After a five-hour debate at Wednesday night’s Police Commission meeting, the commission did finally adopt a policy to bar SFPD from making stops for nine specific traffic infractions that supporters of the ban say are ticky-tack offenses meant to search, incarcerate, and prosecute people of color.

For the last eight months, there’s been a contentious back-and-forth between the SFPD and the SF Police Commission (plus the obligatory bellyaching from the Police Officers Association) over whether to craft a new policy to ban the SFPD from making some pretextual traffic stops — that is, stops for minor infractions like broken tail lights or expired tags. Critics say these stops rarely prevent actual crimes, and instead represent a blank check to stop-and-frisk Black and brown drivers, while officers say such stops are a must for proper traffic enforcement.

Back in December, the Police Commission hammered out a compromise that whittled the banned stops from 14 stops down to to nine. And so Wednesday night, the matter was debated, and the commission did vote to ban those nine pretextual stops, by a 4-2 vote

As the Chronicle notes in their writeup of the vote, these types of stops are disproportionately applied to people of color. “A Chronicle analysis of data from SFPD stops that occurred between July 2018 and June 2022, showed that Black people were 10.5 times more likely to be pulled over in a pretexual stop than white people. The data also showed that during that same time period, Black people were 4.4 times more likely to be pulled over for any traffic violation by San Francisco Police compared to white people.”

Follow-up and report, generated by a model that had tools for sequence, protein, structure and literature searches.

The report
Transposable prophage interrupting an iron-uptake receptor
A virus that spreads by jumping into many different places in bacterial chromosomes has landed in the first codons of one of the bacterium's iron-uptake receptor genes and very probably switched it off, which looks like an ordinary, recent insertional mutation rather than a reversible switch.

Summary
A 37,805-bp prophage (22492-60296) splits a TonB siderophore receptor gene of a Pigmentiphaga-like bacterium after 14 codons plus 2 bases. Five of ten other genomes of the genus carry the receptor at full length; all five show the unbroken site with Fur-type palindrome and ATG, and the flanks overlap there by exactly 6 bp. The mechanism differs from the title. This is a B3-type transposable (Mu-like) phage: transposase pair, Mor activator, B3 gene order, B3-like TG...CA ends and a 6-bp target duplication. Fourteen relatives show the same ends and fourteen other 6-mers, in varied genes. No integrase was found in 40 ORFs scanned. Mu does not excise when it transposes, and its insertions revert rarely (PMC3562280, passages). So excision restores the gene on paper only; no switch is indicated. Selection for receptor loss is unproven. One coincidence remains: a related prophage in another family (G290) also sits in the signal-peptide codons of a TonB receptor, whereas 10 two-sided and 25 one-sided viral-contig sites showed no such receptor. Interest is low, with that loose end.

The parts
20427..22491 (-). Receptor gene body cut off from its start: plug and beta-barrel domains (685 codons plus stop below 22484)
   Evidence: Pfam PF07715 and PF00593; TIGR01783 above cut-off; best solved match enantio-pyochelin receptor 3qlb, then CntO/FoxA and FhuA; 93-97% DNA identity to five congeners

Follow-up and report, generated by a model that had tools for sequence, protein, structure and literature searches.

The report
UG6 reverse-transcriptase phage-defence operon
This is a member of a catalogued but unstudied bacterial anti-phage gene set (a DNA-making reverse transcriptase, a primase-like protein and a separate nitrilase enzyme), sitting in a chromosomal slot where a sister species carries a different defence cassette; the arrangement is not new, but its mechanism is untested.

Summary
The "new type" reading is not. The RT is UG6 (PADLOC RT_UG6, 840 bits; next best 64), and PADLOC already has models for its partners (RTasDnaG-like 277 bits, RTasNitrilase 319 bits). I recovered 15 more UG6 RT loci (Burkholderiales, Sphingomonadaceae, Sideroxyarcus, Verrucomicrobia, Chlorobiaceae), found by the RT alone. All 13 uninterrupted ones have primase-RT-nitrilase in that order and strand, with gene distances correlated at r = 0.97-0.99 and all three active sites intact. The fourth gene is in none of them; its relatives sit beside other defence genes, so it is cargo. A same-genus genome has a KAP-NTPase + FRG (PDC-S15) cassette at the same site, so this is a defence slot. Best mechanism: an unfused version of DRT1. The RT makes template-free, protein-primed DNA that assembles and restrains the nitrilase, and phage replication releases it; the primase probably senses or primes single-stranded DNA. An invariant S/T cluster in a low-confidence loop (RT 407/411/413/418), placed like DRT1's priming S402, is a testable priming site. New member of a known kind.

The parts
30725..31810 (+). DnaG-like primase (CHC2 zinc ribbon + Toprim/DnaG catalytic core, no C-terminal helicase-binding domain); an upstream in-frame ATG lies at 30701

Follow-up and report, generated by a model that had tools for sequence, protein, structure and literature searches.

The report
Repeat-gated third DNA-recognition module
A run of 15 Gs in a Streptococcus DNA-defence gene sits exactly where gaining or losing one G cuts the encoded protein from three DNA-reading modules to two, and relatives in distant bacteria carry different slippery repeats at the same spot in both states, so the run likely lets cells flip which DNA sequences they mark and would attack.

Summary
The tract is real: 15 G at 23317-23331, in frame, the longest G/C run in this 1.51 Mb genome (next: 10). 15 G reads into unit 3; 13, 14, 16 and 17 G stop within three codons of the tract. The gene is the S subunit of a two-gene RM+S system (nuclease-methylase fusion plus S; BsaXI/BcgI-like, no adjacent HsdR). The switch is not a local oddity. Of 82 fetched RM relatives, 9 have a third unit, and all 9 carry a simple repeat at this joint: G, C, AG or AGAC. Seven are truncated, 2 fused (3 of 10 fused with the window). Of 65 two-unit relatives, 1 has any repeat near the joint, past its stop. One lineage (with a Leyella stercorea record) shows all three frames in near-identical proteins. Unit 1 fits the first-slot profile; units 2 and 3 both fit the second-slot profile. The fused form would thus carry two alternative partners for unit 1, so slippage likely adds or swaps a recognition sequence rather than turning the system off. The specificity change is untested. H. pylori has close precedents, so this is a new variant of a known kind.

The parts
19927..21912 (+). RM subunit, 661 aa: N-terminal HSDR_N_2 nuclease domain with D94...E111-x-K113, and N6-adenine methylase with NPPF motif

Prior to the vote, Police Commission president Cindy Elias defended eliminating these low-level stops, arguing they distract police from prosecuting more serious crimes. “Do we want our officers focusing on the person who ran a red light? Or do we want the officer to focus on the person that doesn’t have a front license plate?” she said at the meeting, according to Mission Local.

Opponents of the ban argued the proposal needed more feedback from the Police Officers Association. “Something so important can wait 10 more days,” commissioner Jim Byrne argued. “The idea is to bring as many San Franciscans along with the policy," adding, “Let’s not do this stuff ad-hoc.”

But the proposal did pass, bringing San Francisco in line with other cities like Los Angeles, Philadelphia, and Washington D.C., which have passed similar bans, though the specifics differ.

So what kind of traffic stops will SFPD no longer make? The complete list is in the full text of the legislation the commission passed Wednesday night, but we’ll bullet-point these below:

  • Rear license plate number not clearly visible
  • Registration tags not visible, or expired less than one year ago
  • Rear license plate not illuminated
  • Tail lights not working
  • Brake lights not working
  • “Objects affixed to windows or hanging from the rearview mirror”
  • “A vehicle that fails to activate a turn signal continuously for 100 feet before turning”
  • Person sleeping in the vehicle
  • Pedestrian stops “unless there is an immediate danger that the pedestrian will crash with a moving vehicle, scooter, bicycle, or other device moving exclusively by human power”

Related: Police Commission Scales Back Limits on Traffic Stops After Public Pushback [SFist]

Image: BrokenSphere via Wikimedia Commons